Saturday 23 September 2017

Alan Wheatley: Cyprus rescue raises new questions about euro's long-term survival

Risk of widening north-south divide over austerity vs solidarity

ANGER: Protesters on the streets of Nicosia, Cyprus
ANGER: Protesters on the streets of Nicosia, Cyprus

Alan Wheatley

THE messy deal to bail out Cyprus has averted the latest threat to the break-up of the euro but at the cost of raising new questions about the single currency's long-term viability.

Savers in other euro zone banks appear so far to be taking the freezing of balances over €100,000 in Cyprus's two biggest lenders in their stride. Perhaps they judge that events in a tiny, far-away island with outsize banks and a reliance on deposits from Russian oligarchs hold little relevance for them.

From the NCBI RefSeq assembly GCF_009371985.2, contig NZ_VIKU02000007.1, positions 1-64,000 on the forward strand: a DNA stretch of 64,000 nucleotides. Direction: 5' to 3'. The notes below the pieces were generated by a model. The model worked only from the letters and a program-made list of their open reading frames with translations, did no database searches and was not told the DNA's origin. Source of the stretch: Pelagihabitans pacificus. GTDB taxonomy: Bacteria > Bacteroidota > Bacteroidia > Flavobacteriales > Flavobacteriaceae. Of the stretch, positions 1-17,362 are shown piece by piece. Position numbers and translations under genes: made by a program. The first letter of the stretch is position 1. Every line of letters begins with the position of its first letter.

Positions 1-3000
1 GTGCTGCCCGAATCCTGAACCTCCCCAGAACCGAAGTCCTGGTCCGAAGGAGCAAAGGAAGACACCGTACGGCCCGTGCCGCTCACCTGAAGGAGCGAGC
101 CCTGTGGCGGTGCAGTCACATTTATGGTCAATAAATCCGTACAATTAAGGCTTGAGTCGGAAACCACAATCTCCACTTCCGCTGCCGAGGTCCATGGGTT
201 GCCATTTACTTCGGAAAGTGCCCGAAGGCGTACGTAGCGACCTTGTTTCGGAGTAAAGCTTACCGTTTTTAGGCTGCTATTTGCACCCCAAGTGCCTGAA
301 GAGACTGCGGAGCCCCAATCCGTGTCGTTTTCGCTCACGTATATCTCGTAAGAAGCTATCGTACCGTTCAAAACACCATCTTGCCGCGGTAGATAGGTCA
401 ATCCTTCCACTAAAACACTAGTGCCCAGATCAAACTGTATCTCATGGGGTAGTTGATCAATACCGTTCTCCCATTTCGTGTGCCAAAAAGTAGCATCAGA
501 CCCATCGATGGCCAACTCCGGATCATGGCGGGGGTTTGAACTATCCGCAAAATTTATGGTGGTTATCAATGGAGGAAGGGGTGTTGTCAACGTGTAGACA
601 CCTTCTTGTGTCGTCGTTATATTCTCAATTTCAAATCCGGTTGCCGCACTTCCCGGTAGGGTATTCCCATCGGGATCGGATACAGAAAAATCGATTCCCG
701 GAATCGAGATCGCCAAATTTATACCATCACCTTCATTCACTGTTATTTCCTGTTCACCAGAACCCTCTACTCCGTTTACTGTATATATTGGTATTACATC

Yields on Italian and Spanish bonds held broadly on Monday, reflecting a belief that the European Central Bank's promise to buy struggling euro members' bonds if need be - a programme known as Outright Monetary Transactions (OMT) - will prevent a spillover from Cyprus.

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